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FMC granting ‘special permission authority’ for Red Sea diversion freight hikes

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WASHINGTON : The hostilities in the Red Sea will likely be igniting other battles, albeit of a commercial rather than military nature, as container lines seek hefty rate increases and file urgent requests with US regulators.

Since the attacks on vessels transiting the Red Sea, particularly near the narrow strait “Bab-el-Mandeb”, where the waterway meets the Gulf of Aden, began in late-November, 2023 and heightened in mid-December.

The messages from the major container lines were mixed. Some said that they would avoid the Red Sea, and deviate around African continent, while others – pointing to mid-December announcements from the US= on the implementation of Operation Prosperity Guardian, a multi-nation consortium that would protect shipping from hostile actions – suggested that they would continue their transits between the Mediterranean and Indian Ocean.

Military analysts have pointed out that participants have not rushed to join the US in Operation Prosperity Guardian, as the politics of the present hostilities are not clear cut – in contrast to measures taken against Somali pirates in 2009 which saw unanimous support.

By early January, Maersk and Hapag-Lloyd, two carriers that had hoped to continue at least some moves via the Red Sea, had come around to fully diverting their vessels- with their decision likely swayed by US Navy actions against Houthi boats attacking a Maersk vessel, just prior to the turn of the year, and Iran subsequently dispatching a naval vessel to the waterway.

Depending on the particular trade lane and vessel parameters, moves around the Cape of Good Hope will add anywhere from 10 to 14 days to an Asia/ Europe journey, adding substantially to voyage-related costs, but saving on extensive increases in war risk insurance premia. Not surprisingly, the carriers have been seeking to quickly implement surcharges that will help them offset these unanticipated increases.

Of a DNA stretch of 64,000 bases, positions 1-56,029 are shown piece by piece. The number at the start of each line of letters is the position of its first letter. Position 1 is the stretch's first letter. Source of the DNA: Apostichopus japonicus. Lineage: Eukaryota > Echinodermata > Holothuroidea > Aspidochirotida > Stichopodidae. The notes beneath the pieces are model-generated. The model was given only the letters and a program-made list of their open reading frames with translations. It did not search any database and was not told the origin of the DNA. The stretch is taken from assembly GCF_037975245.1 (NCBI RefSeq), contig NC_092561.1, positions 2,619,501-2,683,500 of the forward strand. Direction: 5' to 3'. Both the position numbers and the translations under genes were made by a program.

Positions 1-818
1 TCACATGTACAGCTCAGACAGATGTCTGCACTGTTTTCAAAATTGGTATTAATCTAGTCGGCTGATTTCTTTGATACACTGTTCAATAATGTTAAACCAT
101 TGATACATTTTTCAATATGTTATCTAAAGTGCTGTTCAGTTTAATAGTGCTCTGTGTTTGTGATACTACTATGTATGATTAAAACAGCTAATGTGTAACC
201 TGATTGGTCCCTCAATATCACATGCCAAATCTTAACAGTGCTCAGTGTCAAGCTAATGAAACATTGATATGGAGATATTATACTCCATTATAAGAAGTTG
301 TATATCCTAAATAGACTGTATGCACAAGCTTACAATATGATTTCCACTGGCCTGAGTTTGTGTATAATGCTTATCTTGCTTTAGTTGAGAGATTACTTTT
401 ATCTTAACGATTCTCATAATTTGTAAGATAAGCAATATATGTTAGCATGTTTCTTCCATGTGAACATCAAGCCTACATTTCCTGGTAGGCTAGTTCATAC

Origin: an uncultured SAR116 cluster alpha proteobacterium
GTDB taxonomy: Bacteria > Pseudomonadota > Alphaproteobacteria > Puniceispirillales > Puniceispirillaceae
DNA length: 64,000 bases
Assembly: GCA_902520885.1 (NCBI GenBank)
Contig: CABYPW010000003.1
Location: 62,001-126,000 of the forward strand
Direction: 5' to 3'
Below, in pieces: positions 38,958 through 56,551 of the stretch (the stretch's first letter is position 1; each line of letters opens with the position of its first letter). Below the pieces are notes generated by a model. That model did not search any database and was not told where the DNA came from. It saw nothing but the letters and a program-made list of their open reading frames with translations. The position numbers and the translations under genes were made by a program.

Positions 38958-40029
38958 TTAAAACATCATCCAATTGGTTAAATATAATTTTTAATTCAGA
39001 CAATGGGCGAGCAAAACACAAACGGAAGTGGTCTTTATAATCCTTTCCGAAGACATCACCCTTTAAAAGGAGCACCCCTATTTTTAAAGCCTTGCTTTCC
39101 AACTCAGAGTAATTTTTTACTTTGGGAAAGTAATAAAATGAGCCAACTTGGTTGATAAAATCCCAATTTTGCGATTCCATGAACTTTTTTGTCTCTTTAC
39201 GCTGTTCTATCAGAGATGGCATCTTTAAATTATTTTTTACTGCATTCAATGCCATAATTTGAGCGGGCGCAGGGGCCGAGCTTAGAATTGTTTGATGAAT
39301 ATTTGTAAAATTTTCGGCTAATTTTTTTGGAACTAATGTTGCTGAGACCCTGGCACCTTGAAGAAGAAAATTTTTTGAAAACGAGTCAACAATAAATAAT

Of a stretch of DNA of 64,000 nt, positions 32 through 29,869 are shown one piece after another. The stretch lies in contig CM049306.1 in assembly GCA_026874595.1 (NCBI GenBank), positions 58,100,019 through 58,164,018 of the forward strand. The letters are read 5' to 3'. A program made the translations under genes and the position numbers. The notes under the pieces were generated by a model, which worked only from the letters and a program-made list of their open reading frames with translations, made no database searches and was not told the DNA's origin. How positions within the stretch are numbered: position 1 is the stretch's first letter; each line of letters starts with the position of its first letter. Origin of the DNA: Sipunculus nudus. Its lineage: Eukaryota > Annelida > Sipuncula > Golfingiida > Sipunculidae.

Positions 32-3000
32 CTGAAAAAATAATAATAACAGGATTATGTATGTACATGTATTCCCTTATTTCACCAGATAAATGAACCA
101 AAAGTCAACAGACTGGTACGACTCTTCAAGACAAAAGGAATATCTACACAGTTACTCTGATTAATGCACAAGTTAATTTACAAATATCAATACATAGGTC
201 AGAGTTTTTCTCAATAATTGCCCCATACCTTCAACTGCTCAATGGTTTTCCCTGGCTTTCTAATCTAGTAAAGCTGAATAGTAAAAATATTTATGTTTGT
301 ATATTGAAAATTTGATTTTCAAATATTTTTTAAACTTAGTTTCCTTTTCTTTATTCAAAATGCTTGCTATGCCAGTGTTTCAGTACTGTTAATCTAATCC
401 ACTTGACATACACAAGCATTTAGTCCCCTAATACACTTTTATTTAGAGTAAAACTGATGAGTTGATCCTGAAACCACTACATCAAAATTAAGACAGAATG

In the States, the Federal Maritime Commission (FMC) oversees the activities of ocean carriers in the liner trades serving US ports. Deep within the US Code of Federal Regulations (CFR), the language concerning increases is as follows: “INCREASES. —A new or initial rate or change in an existing rate that results in an increased cost to a shipper may not become effective earlier than 30 days after publication.

However, for good cause, the Federal Maritime Commission may allow the rate to become effective sooner.” In the waning days of 2023, and into early 2024, the FMC has received a flurry of requests for urgent increases.

Urgent, in the case of a Maersk request to the FMC filed on December 28, 2023, came with a one-day turnaround, in the affirmative.

The carrier’s request for increases on rates for 20-footers ($1,300)/ 40-footers ($1,600) / 40-foot reefers ($2,100) stated, in part: “As a global carrier, Maersk operates services between the United States and various locations around the world, including the Middle East and India. The services from the Middle East and India have historically transited the Suel Canal, which provides a shorter, faster and less expensive alternative to sailing around the southern cape of Africa. 

“These attacks have made it too dangerous to continue operating services via the Suez Canal. Maersk has decided instead to route its vessels around Africa for safety of the crews, vessels, and cargo. Diverting vessels away from the Suez Canal and sailing around Africa significantly lengthens the voyage between the locations in question and the US, and significantly increases the cost of providing this service. In addition, the disruption of normal service patterns is expected to have an adverse impact on operations globally (i.e., on non-Suez services), including equipment flows and availability and congestion/ bottlenecks.”

The FMC’s response, dated December 29, 2023, was highlighted by a one liner: “Special permission authority is hereby granted”. The likely commercial battles – which, to be clear, have not yet emerged – will come as cargo interests closely scrutinize the increases, and then question their applicability to specific shipments on specific voyages.

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